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What Fed’s New Inflation Approach Means for Stocks?

us stock futures

On Thursday, US Federal Reserve chairman Jerome Powell outlined a new approach of “average inflation targeting.” The news lifted US stock markets and the S&P 500 surged to a new record while the Dow Jones briefly turned positive for the year.

In what he called “robust updating” of Fed policy, Powell said that the central bank would now move to “average inflation targeting.” This would mean that it would let the US inflation rate run “moderately” above 2% “for some time.”

While Powell did not specify inflation levels the central bank would be comfortable with, Dallas Fed President Robert Kaplan told CNBC that the Fed is comfortable with inflation between 2.25%-2.50%.

How to interpret the Fed’s new approach?

The new approach strengthens the argument that US interest rates would stay lower for longer and the central bank would be patient with hikes even if inflation rises above 2%.

“Ultimately, this just means interest rates are going to stay very, very low for even longer than we expected,” said Esty Dwek, head of global market strategy at Natixis Investment Managers in Geneva.

Dwek added, “It’s lower for even longer and the market was pretty much anticipating this.”

US stock markets and Fed

US stock markets rose to new records

Gold prices fell over 1% on Thursday after Powell set the new approach to inflation targeting. The S&P 500 closed at a new record high of 3,484.55 on Thursday.

The S&P 500 has now closed at record highs for five consecutive days. The Dow Jones Index, that has been the worst performer among the broader market indices, also briefly turned positive for the year on Thursday.

That said, while US stock markets have soared to record highs, the disconnect between Wall Street and Main Street has been widening according to most economists. Also, while the Fed’s new approach lifted stocks on Thursday, the central bank might be running out of tools.

Fed might be short of tools to spur the US economy

Paul Ashworth, chief US economist at Capital Economics does not expect the Fed’s new approach to stimulate the US economy.

“With long-term interest rates already very low and the Fed still ruling out negative rates as undesirable, we don’t expect that additional stimulus to provide any significant boost to the real economy. That means the Fed might struggle to hit its 2% inflation rate at all, let alone deliver above-target inflation,” said Ashworth.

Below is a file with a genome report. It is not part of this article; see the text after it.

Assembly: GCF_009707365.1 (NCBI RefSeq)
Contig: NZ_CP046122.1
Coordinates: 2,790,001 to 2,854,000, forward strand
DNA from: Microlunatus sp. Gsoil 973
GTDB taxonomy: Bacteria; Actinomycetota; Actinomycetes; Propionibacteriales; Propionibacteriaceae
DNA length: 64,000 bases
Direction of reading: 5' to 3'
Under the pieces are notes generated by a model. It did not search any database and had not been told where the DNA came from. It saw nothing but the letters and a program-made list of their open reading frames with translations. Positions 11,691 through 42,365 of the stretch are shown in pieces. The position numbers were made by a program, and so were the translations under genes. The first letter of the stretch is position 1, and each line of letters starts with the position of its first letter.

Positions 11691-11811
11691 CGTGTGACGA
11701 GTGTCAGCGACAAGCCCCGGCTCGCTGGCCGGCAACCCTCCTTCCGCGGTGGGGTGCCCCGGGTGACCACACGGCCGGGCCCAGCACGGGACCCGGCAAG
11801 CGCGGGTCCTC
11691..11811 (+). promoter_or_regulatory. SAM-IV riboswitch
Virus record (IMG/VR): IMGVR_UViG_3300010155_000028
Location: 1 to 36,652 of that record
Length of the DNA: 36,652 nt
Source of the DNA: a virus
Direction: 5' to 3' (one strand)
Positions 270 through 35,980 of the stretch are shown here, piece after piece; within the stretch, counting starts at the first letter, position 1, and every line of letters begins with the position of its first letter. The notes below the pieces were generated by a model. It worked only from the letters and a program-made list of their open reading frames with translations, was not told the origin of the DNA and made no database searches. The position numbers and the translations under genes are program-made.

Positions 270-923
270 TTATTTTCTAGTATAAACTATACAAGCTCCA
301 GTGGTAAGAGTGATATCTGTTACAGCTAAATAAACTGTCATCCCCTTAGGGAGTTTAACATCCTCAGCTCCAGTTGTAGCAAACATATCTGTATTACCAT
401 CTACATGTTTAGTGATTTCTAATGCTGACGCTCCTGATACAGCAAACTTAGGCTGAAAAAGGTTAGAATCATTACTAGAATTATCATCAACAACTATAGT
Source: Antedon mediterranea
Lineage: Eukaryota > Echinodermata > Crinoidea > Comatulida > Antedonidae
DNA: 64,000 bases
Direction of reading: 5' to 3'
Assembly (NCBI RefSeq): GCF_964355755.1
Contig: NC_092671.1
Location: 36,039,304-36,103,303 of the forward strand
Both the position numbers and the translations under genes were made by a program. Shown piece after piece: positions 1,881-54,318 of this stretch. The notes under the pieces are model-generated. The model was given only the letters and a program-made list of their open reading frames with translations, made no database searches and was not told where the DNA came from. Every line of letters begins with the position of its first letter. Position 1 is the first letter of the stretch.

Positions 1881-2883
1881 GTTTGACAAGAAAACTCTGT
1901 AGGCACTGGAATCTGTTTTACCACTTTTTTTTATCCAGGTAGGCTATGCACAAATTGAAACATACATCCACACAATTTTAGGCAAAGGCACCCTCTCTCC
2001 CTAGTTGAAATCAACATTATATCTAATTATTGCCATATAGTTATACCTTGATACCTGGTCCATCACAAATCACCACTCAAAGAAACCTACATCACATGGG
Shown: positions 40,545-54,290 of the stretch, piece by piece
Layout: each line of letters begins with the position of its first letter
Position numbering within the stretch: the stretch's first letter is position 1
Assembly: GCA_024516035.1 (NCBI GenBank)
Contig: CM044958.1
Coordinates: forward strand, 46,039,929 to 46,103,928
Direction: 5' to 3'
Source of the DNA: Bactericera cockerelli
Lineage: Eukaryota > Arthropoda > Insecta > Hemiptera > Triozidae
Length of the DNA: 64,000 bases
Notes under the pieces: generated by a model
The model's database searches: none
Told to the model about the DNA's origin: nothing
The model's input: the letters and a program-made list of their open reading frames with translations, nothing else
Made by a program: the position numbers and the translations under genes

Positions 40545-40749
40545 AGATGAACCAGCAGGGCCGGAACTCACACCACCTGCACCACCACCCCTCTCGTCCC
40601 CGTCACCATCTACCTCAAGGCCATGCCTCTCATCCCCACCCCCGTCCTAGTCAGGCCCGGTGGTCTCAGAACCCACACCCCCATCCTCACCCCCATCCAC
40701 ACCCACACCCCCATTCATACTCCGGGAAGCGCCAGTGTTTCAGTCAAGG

He added, “The bottom line is that monetary policy is approaching its limits and, while Fed officials would never admit that publicly, that explains why they have become so outspoken in encouraging Congress to put more fiscal stimulus in place.”

What does Fed’s new approach mean for stock markets?

Fed’s unprecedented easing during the pandemic helped prevent the US economy from going into an even deeper recession. The Fed’s swift moves in March helped fix the credit markets and debt issuance by US companies surged thereafter.

The cheap money also helped catapult the US stock markets higher. With the new approach, the Fed has signalled that it would not spoil the party any time soon.

“Powell is on the side of the bulls,” said Jim Cramer host of Mad Money show on the CNBC. He called the move “incredible” for investors.

Futures point to a strong opening for US stock markets on Friday. S&P 500 futures were up 0.35% while the Dow Jones was up 0.48% in pre markets.

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Mohit Oberoi

Mohit Oberoi is a freelance finance writer based in India. he has completed his MBA with finance as majors and also holds a CFA charter. He has over 13 years of experience in financial markets. He has been writing extensively on global markets for the last six years and has written over 6,500 articles. He mainly covers metals, electric vehicles, asset managers, and other macroeconomic news. He also loves writing on personal finance and topics related to valuation.